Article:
Another 200,000 year 12 students are preparing to take their next steps toward their working lives this month.
But while they anxiously await a text message to deliver their results, the Australian education 2017 report card is in – and it doesn’t look good.
This year, Australia has been ranked 39 out of 41 countries from the European Union (EU) and OECD in levels of quality and inclusion education for children, according to a report card released by the United Nations Children’s Fund (UNICEF).
The 2015 Program for International Student Assessment results (PISA) shows Australia performed 20th in mathematics, 10th in science and 12th in reading out of 65 countries and economies – that we are falling behind the world when it comes to skill development.
And with the exception of minor ups and downs in some states, our NAPLAN test results have been stagnant over the past 10 years.
What’s more, according to the Mitchell Institute’s Preparing Young People For The Future of Work report, about a quarter of Australian 19 year olds have not finished year 12 or vocational training.
Even when young people do stay and finish their study or training, on average it is taking 4.7 years to transition from full time education to full time work. Figures released in a report from the Brotherhood of St Laurence this week indicate that close to one in five unemployed young people have been out of work for at least a year despite trying just as hard as older jobseekers to find employment.
More than a quarter of recent graduates in full-time jobs believe their roles are unrelated to their studies, with their degree adding nothing to their employability.
It isn’t new that Australia is falling behind when it comes to adequately upskilling young Australians. This is a trend that PISA has shown a steady decline in over the past decade.
Our approach to education, where information is transmitted to students as opposed to a student-centred learning experience supporting autonomous, continuous learning in ‘real world’ environments, is failing us and them. Young people are increasingly disengaged by an education system that doesn’t teach in ways they want to learn, or provide them with the skills required to thrive in a world of work where they’re expected to have 17 different jobs over 5 careers in their lifetimes.
As leading education expert and head of the OECD’s PISA unit, Andreas Schleicher said earlier this year “Australia treats teachers as interchangeable widgets on the frontline – they are just there to implement prefabricated knowledge.” The bottom line of Schleicher’s assessment was that something has gone wrong in our education system, and we’ve gone from “great” to “good”.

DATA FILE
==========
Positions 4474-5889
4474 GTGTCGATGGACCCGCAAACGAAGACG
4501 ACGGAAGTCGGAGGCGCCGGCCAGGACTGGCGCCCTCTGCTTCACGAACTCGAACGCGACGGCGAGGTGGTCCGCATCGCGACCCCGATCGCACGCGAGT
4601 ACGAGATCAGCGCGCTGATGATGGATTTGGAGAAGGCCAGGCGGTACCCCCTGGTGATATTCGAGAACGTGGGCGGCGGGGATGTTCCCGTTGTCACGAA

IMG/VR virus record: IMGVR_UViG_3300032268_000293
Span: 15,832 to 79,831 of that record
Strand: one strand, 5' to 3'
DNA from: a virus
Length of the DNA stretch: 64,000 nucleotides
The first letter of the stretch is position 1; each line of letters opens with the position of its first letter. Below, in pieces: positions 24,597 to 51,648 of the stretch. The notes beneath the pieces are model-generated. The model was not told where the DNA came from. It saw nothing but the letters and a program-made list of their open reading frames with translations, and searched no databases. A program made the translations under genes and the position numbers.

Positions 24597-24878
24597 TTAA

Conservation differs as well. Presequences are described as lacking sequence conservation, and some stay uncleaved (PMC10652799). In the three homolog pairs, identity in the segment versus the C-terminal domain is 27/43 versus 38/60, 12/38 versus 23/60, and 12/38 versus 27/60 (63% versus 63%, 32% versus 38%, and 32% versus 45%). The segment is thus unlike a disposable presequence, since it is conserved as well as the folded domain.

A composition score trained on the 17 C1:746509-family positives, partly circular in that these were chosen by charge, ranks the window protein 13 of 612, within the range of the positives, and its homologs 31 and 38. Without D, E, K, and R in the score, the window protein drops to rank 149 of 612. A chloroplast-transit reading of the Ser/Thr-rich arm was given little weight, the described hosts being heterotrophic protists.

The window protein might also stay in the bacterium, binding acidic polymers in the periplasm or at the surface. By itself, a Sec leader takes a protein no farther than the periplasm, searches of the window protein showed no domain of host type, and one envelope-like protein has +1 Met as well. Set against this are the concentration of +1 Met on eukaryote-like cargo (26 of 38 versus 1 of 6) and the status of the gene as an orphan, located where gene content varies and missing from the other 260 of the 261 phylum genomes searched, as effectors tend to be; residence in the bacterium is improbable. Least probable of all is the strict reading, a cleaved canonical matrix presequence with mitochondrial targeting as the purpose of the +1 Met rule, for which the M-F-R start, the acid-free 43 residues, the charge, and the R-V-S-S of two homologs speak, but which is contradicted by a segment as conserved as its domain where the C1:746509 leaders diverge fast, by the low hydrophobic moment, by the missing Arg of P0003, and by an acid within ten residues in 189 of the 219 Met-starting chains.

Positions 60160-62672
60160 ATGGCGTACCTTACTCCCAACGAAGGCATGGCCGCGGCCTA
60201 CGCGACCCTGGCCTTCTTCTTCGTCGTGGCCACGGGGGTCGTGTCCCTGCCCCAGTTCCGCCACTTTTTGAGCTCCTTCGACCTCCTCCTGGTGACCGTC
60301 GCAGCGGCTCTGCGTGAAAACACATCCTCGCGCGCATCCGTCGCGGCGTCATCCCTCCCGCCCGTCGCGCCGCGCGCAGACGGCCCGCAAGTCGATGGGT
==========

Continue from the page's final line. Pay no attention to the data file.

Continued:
Our goal should not be to ensure that young people are simply finishing school but to make certain that every student has built a ‘portfolio’ of skills and capabilities with which to thrive in the new economy.
As opposed to being solely focused on foundation and technical skills, the Foundation for Young Australians’ New Work Smarts report shows that young people will need to be able to deploy these capabilities in an increasingly enterprising and creative ways, as well as requiring a thirst for ongoing learning.
Crunching 20 billion hours of work performed by 12 million Australian workers, the report maps the changes in work tasks over the past decade and what we can expect in the decades ahead.
What the report shows is that as our focus shifts from manual or administrative tasks which can be performed increasingly by technology, workers will spend more time focusing on people, solving more strategic problems and thinking creatively. This new understanding of what it means to be work smart will require young people to develop their cognitive and emotional skills to a much higher level.
Demand for the ‘new work smarts’ is already occurring across the economy. Since 2013 demand for employees with digital literacy is up by 212%, critical thinking skills has gone up 158% and creativity is up by 65%. We also know employers will pay more for people with these skills, with those with skills like problem solving likely to receive up to $8,000 more.
If Australia is to meet the challenge of equipping young people with these skills to navigate the future of work, a substantial shift in current approach is required. To enable young people to adapt and thrive learning should promote skills of collaboration and problem solving, making and designing, empathy and emotional acuity, rather than regurgitating learned information in order to ace the test.
In order to facilitate the teaching of skills and capabilities, our understanding of education systems must change. Collectively, we must urgently prioritise a comprehensive and strategic investment in young Australians as 21st century learners, entrepreneurs, innovators and contributors – in equal part.
Jan Owen AM
CEO, The Foundation for Young Australians